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House Deposit

Discussion in 'Home and Garden' started by Ciphon, 10 Jul 2013.

  1. Ciphon

    Wise Guy

    Joined: 9 Dec 2008

    Posts: 2,341

    Location: Hampshire

    Sorry for reviving a relatively old thread - but I thought I'd close the loop on "our story".

    My partner and I were both lucky enough to have our jobs go exactly as we'd hoped in the last month, and have therefore decided not to accept her parents offer.

    We should have all of the money we need by December, so the light is well and truly at the end of the tunnel!

    Good luck to all those struggling their way to their deposit!!
     
  2. DiCe!

    Soldato

    Joined: 1 Sep 2007

    Posts: 5,416

    Well done amte, best of luck with now finding a place and making it your own!
     
  3. bash25

    Gangster

    Joined: 29 Jun 2009

    Posts: 146

    Location: London

    Ciphon,

    You should take the money from her parents, because the bigger your deposit the lower your LTV (loan to value), which means better mortgage deals in lower interest rates.

    To save paying interest overpay your mortgage and you will save money on the interest.

    I am in the middle of buying a house in London and for my mortgage deal I have gone for a lower monthly payment, which I will be overpaying by 10% (this is the maximum my bank will allow to overpay).

    Bashy
     
  4. Ciphon

    Wise Guy

    Joined: 9 Dec 2008

    Posts: 2,341

    Location: Hampshire

    Yep, I totally understand where you're coming from, and know it would give us a lower interest rate.

    However, even with the lowly 10% deposit we're aiming for we'll have more than enough left over each month to overpay a considerable amount.

    The satisfaction of having done it on our own whilst renting is too much to just give in now ;).
     
  5. The_Abyss

    Capodecina

    Joined: 15 May 2007

    Posts: 12,805

    Location: Ipswich / Bodham

    Well done on getting there! It takes an increasing amount of discipline these days to really knuckle down and save.
     
  6. shadow_boxer

    Sgarrista

    Joined: 9 Oct 2009

    Posts: 8,818

    Location: Stoke-On-Trent

    Well done. My wife and I are in a similar boat, just need to find a house we like.
     
  7. pitchfork

    Sgarrista

    Joined: 21 Jan 2007

    Posts: 8,715

    Get a missus or get a better job.
     
  8. DiCe!

    Soldato

    Joined: 1 Sep 2007

    Posts: 5,416

    Start a new job Monday, the misses is a work in progress :cool:
     
  9. HangTime

    Man of Honour

    Joined: 25 Oct 2002

    Posts: 28,448

    Location: Hampshire

    I wouldn't disagree with that, but it still doesn't mean renting is 'urinating money up the wall'. People spend money all the time on things that aren't physical assets with saleable value in the long term (food, drink, utilities, entertainment, transport, education etc etc). Shelter is a physiological need and as such has intrinsic value. When comparing with property purchase, I'd potentially rather rent than buy in a situation where the cost of borrowing is very high. For what it's worth, the only times I've rented have been while at university and living with my dad, so I'm not anti-mortgage, I just think too many young people have this idea drummed into them from an early age that renting is always bad. It was the same for me, I was brought up that you should own your own home, my dad's house is worth around 10x what he paid for it so the housing boom will have influenced his teachings, but I think we should present a balanced view and get people to consider each situation on merit rather than dismissing some options out of hand.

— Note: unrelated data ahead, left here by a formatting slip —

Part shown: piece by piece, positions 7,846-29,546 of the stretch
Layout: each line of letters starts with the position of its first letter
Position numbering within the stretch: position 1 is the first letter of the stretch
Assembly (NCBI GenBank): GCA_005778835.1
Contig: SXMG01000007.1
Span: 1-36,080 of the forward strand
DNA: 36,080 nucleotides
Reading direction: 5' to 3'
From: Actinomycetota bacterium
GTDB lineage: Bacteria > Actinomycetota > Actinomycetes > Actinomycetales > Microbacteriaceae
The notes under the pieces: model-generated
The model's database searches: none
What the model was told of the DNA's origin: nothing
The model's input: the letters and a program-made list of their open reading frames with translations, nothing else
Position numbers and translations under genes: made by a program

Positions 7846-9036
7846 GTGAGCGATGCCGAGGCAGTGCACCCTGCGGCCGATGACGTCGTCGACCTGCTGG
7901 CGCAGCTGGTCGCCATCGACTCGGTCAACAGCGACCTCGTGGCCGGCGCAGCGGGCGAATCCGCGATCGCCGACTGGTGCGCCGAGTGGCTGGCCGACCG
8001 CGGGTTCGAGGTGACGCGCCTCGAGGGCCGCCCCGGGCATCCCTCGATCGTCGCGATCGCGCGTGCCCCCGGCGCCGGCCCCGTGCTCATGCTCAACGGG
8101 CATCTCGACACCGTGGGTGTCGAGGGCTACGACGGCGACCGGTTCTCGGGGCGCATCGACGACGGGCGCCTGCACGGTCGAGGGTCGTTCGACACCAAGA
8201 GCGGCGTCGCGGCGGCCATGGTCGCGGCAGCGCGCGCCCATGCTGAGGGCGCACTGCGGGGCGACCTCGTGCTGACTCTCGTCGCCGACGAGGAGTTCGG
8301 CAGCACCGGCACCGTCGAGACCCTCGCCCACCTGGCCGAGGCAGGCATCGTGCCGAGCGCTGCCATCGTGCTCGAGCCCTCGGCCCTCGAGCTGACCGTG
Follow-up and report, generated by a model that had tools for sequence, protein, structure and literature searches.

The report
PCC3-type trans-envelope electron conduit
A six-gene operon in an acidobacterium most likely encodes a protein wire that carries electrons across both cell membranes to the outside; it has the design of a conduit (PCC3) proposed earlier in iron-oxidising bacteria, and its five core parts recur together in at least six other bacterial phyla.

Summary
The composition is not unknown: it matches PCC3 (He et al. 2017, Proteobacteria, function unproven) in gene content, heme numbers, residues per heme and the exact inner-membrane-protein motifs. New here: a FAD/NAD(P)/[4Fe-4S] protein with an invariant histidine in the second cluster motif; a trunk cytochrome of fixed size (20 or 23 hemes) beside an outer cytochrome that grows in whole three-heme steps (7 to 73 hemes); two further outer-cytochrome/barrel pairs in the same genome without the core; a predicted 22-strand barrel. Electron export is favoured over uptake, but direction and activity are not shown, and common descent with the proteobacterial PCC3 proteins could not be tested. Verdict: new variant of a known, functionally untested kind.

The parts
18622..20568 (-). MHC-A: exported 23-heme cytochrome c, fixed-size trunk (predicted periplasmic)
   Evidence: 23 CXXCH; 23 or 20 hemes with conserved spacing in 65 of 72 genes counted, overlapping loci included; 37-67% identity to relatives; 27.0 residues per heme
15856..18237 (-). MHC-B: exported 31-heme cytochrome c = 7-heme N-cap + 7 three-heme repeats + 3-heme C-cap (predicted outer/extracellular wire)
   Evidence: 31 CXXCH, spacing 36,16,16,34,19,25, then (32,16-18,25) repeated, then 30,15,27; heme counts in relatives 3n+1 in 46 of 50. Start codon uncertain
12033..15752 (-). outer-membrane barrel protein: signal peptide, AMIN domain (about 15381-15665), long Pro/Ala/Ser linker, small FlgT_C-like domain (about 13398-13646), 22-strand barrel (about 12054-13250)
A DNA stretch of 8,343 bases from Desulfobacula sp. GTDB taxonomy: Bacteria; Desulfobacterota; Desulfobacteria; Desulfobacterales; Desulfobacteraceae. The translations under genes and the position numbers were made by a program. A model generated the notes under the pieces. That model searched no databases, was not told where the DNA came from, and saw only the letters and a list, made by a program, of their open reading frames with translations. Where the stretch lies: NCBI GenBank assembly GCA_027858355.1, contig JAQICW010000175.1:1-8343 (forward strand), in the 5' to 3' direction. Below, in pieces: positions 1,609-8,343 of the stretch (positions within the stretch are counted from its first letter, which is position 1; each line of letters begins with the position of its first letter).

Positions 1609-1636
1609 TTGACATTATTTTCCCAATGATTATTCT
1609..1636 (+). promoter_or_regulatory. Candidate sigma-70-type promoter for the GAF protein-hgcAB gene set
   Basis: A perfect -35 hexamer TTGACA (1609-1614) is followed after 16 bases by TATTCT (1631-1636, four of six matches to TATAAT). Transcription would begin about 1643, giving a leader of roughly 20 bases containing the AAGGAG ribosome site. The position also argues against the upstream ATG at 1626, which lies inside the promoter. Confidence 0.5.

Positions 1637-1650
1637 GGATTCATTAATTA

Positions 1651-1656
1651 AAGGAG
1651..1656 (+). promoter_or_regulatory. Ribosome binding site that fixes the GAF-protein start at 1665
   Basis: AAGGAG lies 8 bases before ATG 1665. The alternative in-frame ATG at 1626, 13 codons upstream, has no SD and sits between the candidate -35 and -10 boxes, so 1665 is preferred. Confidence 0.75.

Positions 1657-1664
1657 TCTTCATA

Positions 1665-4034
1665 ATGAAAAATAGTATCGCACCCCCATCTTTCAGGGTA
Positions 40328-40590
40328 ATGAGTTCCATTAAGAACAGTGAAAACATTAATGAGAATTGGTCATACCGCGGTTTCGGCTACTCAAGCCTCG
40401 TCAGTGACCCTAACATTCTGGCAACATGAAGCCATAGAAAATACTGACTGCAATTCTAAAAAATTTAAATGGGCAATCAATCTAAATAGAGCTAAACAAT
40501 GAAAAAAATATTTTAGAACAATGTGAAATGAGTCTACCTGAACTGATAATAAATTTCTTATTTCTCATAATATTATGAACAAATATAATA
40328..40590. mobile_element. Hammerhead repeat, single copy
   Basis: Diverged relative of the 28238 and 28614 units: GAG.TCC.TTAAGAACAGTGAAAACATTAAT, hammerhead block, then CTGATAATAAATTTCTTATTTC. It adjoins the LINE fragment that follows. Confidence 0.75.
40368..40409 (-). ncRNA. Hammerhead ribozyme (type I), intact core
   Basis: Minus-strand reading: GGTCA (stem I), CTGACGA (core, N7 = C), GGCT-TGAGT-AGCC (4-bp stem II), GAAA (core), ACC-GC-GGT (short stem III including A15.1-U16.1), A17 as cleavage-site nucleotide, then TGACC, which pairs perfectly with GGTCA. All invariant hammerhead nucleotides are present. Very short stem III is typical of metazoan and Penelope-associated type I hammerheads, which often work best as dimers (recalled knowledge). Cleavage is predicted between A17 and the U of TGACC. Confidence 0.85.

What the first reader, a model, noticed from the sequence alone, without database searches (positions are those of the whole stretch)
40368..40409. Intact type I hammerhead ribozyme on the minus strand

Looking here suggests there may be a significant difference depending on location - for comparison in broad terms £500 would rent you an average two bed flat in both Dundee and Huddersfield, yet buying would cost about £85k vs £150k respectively: http://www.zoopla.co.uk/press/releases/086/zoopla-reveals-top-locations-to-rent-vs-buy-in-britain/

    I think it varies a bit depending on location & property type - in some cases rent may even be higher than mortgage repayments. For my old house that was the case as it had high rental potential (studenty area, possible to market as 4 bedrooms - I was quite shocked to see the BTL investor ended up advertising it at over £1k/month given it was valued at under £150k!). However it's difficult to judge in any case because not all mortgage products are equal (i.e. varying interest rates, varying deposit levels, varying mortgage terms, varying fees etc), although I suppose people pick a baseline like "25 year term, 15% deposit, best overall deal on market under those criteria". When people ask what the mortgage repayment you are making on a house is, it largely meaningless information without also knowing the LTV and term length. My mortgage repayments are the same on my current house as they were on my old house, despite it being worth around 50% more because the LTV is much lower. Equally I could change the length of the mortgage term to be longer and thus reduce the monthly payments to a lot lower than renting a similar property would be, but that doesn't mean I'd want to.

    Being able to overpay helps but the problem is with 10% deposit you get shafted on the rate to start with - in other words an extra say £20k on the deposit up front can make far more difference than an overpayment of £20k even over a short space of time, if it means you get a more favourable package due to lower LTV.

    That said you have to make your own choices, and at least by not taking money from family there is no feeling of 'obligation' (implied or otherwise), and no arguments in future if (heaven forbid) you were to split from your partner and then the side of the family that provided the cash gets all shirty about what happens with the proceeds of the house sale etc.
     
    Last edited: 19 Sep 2013